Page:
The delicate scent of an old English rose, the downy caress of a lamb’s ear leaf, the gentle whisper of grasses in the wind... It could be argued that all gardens are sensory by default. After all, all modern garden ideas feature plants that just can’t help being seen, or smelled, or touched.
A true sensory garden, however, calls for a rather more considered approach if it’s going to stimulate all five senses in a positive way. The point is to offer a richer, more soothing, more therapeutic experience than your average garden can deliver - not for nothing are they often called healing gardens.
Pre-covid, sensory gardens were mostly to be found in hospitals, care homes and hospices, or anywhere where those with sensory sensitivities or a loss of certain senses might be able to benefit from the health-giving powers of nature. But with lockdown came a renewed interest in gardening, not to mention the need for healing en masse. And so, people started hankering after “more colour, scent and texture” in their gardens, reports Mark Lane, the renowned landscape gardener, author and Gardeners World presenter, who has overseen the design of numerous sensory spaces for charities, hospices and hospitals. “Humans are biophilic - we have an innate need to be surrounded by greenery - and the pandemic has put us all back in touch with that.”
Whereas before Covid, most people wanted their gardens to be attractive entertaining spaces, adds Chelsea gold medal-winning garden designer and author Ann-Marie Powell, “Now they’re considering how they want their gardens to smell, look and taste, too."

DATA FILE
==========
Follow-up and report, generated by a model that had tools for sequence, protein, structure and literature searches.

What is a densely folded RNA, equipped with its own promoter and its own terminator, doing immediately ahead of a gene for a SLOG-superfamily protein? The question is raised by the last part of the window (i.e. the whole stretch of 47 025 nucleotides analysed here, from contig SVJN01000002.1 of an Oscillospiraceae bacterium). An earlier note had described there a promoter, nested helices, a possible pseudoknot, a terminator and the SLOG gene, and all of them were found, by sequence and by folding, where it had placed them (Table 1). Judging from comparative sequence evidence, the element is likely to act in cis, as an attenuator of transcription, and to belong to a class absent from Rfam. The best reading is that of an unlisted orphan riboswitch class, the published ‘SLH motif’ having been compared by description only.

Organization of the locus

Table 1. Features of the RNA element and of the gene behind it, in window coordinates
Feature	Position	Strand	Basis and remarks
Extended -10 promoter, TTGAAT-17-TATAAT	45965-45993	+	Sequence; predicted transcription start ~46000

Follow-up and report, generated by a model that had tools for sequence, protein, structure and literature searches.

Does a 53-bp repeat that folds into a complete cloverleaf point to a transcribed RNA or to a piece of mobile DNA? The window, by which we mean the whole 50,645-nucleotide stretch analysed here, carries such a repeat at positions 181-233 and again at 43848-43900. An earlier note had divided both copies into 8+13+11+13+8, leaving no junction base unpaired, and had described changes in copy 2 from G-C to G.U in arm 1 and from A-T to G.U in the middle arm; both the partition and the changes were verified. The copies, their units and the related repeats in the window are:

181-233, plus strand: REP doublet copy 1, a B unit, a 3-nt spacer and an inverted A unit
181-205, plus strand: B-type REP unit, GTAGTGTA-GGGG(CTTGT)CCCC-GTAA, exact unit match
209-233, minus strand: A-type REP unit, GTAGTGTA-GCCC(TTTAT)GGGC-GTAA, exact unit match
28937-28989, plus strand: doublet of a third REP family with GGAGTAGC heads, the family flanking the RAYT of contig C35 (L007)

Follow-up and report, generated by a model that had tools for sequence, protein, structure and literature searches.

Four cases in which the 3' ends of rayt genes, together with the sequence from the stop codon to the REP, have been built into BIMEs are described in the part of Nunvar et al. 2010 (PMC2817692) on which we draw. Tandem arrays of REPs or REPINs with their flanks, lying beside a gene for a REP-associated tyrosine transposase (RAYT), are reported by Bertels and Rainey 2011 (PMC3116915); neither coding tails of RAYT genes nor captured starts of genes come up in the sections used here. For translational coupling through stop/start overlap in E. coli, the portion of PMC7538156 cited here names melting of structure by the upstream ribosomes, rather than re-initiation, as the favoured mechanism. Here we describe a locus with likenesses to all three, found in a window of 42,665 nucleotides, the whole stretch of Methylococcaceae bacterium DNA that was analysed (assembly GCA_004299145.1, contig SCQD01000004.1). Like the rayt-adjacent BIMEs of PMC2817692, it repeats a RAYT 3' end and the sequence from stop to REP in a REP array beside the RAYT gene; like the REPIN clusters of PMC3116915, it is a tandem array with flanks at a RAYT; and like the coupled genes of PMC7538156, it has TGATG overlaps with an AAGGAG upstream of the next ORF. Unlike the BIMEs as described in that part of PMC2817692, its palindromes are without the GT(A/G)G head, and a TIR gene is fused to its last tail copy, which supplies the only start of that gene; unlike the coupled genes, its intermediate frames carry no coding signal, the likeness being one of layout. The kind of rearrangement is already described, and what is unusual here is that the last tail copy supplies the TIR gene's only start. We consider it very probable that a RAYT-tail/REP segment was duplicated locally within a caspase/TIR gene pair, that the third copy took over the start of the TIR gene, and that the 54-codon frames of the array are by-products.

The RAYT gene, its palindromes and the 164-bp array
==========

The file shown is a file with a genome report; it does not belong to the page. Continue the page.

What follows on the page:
So how exactly do sensory gardens heal? That therapeutic moment is rooted in the power of plants to “anchor us in the here and now”, explains Olivia Kirk, another Chelsea gold-medallist who teaches healing garden design at the London College of Garden Design. “Slowing down and engaging all senses is very calming.” That might be prompted, for instance, by a “hellebore that nods down so you have to bend to pick up the head to see what’s inside”, says Kirk. “The garden has put you in the moment and helped you to switch off.”
While Britain’s most noted sensory gardens are for the private benefit of those who need them most (among them, Horatios’s Gardens, Pilgrims Hospices, and The Chestnut Tree House Hospice garden), there are plenty of public gardens with strong sensory elements. Lane recommends Great Dixter by the late Christopher Lloyd in East Sussex, which “will enliven your senses with colour, texture and movement”. The Newt in Somerset by Penelope Hobhouse "is the most amazing garden”, says Kirk, “with no expense spared, but without looking trashy”. She also recommends the “prairie-style” Piet Oudolf Field at the Hauser & Wirth gallery in Somerset. And look out for Powell’s World Food Garden at Wisley, Surrey, opening 24th June. “There’s water, light, shade, colour, wildlife, and it will appeal to all your senses,” she says. “There are lots of takeaways to use at home.” Indeed, it is the creation of your own sensory garden that will be the most therapeutic, claims Lane, because on top of all that sensory stimulation, “getting your hands muddy releases endorphins”. Dig in (or, not literally, if you're following the no dig gardening approach, of course).
HOW TO CREATE A SENSORY GARDEN
- Create a sensory garden by introducing plenty of pollinators and fruiting plants to encourage wildlife: as well as doing nature a service, you’re creating the opportunity to stop and watch.
- Put benches into the borders, Kirk suggests, “so that you become part of the garden, and the flowers are really available to you”.
- Make use of your garden table, says Powell: cluster together small pot plants with sensory elements: pelargoniums, basil, verbena - “and use the aromatic leaves in your cocktails”.
- Avoid sensory overload: “Aim for slow-release fireworks,” says Kirk, “where at any one point, something amazing is going on, but not all at once.”
- Check out the useful tips on creating a sensory garden at Thrive.org.uk and Sensorytrust.org.uk
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